Drug-resistant infections

MSF Statement at the 72nd WHA: Follow-up to UN High-Level Meeting on Antimicrobial Resistance (Agenda Item 11.8)

72nd WHO World Health Assembly – May 2019
Médecins Sans Frontières (MSF) statement on agenda item 11.8:
Follow-up to the high-level meetings of the United Nations General Assembly on health-related issues: Antimicrobial resistance, Document A72/18

Speaker: Dušan Jasovský

In our projects around the world, MSF faces serious challenges preventing, diagnosing and treating drug-resistant infections.

To ensure good antimicrobial stewardship, optimally treat patients and limit resistance, more must be done to strengthen IPC programmes, ensure available, timely and accurate diagnosis, and guarantee affordable access to existing antibiotics – all of which must be underpinned by investment in skilled human resources and education. We welcome WHO’s support for developing National Action Plans, but support is now needed for implementation.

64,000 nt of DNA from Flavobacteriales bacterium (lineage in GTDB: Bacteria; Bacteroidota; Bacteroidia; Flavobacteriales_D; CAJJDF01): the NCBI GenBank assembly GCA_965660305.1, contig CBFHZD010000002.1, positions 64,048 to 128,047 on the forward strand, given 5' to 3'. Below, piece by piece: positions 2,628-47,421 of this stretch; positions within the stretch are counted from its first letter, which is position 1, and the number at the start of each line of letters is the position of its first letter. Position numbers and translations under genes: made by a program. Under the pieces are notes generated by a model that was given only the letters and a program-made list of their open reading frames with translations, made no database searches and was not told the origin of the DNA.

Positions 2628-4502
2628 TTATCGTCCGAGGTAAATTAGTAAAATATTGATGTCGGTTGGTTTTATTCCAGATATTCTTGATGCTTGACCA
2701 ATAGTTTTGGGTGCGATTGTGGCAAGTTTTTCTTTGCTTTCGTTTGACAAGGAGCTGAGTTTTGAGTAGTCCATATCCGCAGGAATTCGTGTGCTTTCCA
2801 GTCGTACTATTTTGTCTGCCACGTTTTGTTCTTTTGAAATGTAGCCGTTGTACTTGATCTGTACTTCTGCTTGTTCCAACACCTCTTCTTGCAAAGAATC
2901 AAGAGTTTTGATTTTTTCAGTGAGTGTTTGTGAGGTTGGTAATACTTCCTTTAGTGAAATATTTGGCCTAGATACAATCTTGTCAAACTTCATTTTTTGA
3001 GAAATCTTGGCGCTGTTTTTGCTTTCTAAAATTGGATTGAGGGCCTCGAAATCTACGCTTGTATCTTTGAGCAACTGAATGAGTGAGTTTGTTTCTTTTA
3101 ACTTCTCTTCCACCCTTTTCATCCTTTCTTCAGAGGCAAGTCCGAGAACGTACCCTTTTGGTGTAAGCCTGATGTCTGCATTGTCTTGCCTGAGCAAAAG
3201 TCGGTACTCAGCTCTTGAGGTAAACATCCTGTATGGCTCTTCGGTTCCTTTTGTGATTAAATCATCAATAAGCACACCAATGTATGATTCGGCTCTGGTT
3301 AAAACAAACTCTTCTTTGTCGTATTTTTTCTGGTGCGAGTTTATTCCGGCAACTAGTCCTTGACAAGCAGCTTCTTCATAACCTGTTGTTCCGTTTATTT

Interruptions in the supply of antibiotics pose a significant challenge globally, including for MSF. We welcome the IACG’s call for governments or regional entities to establish production facilities or contract manufacturers to ensure sustainable production and supply of antimicrobials.

R&D must be driven by patient needs, target the specific pathogens people face in developing countries, be adapted for use in resource-limited settings, and be accessible and affordable for all people in need. A paradigm shift is needed in the way we finance, regulate and develop antibiotics. We must focus on quality over quantity and embrace ideas such as public-purpose ownership to develop what the public needs.

We welcome the diagnostics landscape analysis being conducted by WHO. Further work is needed to evaluate diagnostics’ clinical value and  provide countries with guidance on which tests to prioritise as well as implementation support.

The Global Antimicrobial Resistance Surveillance System should be strengthened by allowing non-state actors to supply data directly from countries that are struggling to collect and report. Efforts to monitor consumption and use of antibiotics are also critical.

The resolution should address conflicts of interest and call for stronger pharmaceutical industry regulation. Of the 100 companies in one AMR coalition, 96 still link sales bonuses to increased sales of antibiotics.

World Health AssemblyWorld Health Organization Drug-resistant infections Statement
Photograph by UN Photo/Eskinder Debebe Photograph by UN Photo/Eskinder Debebe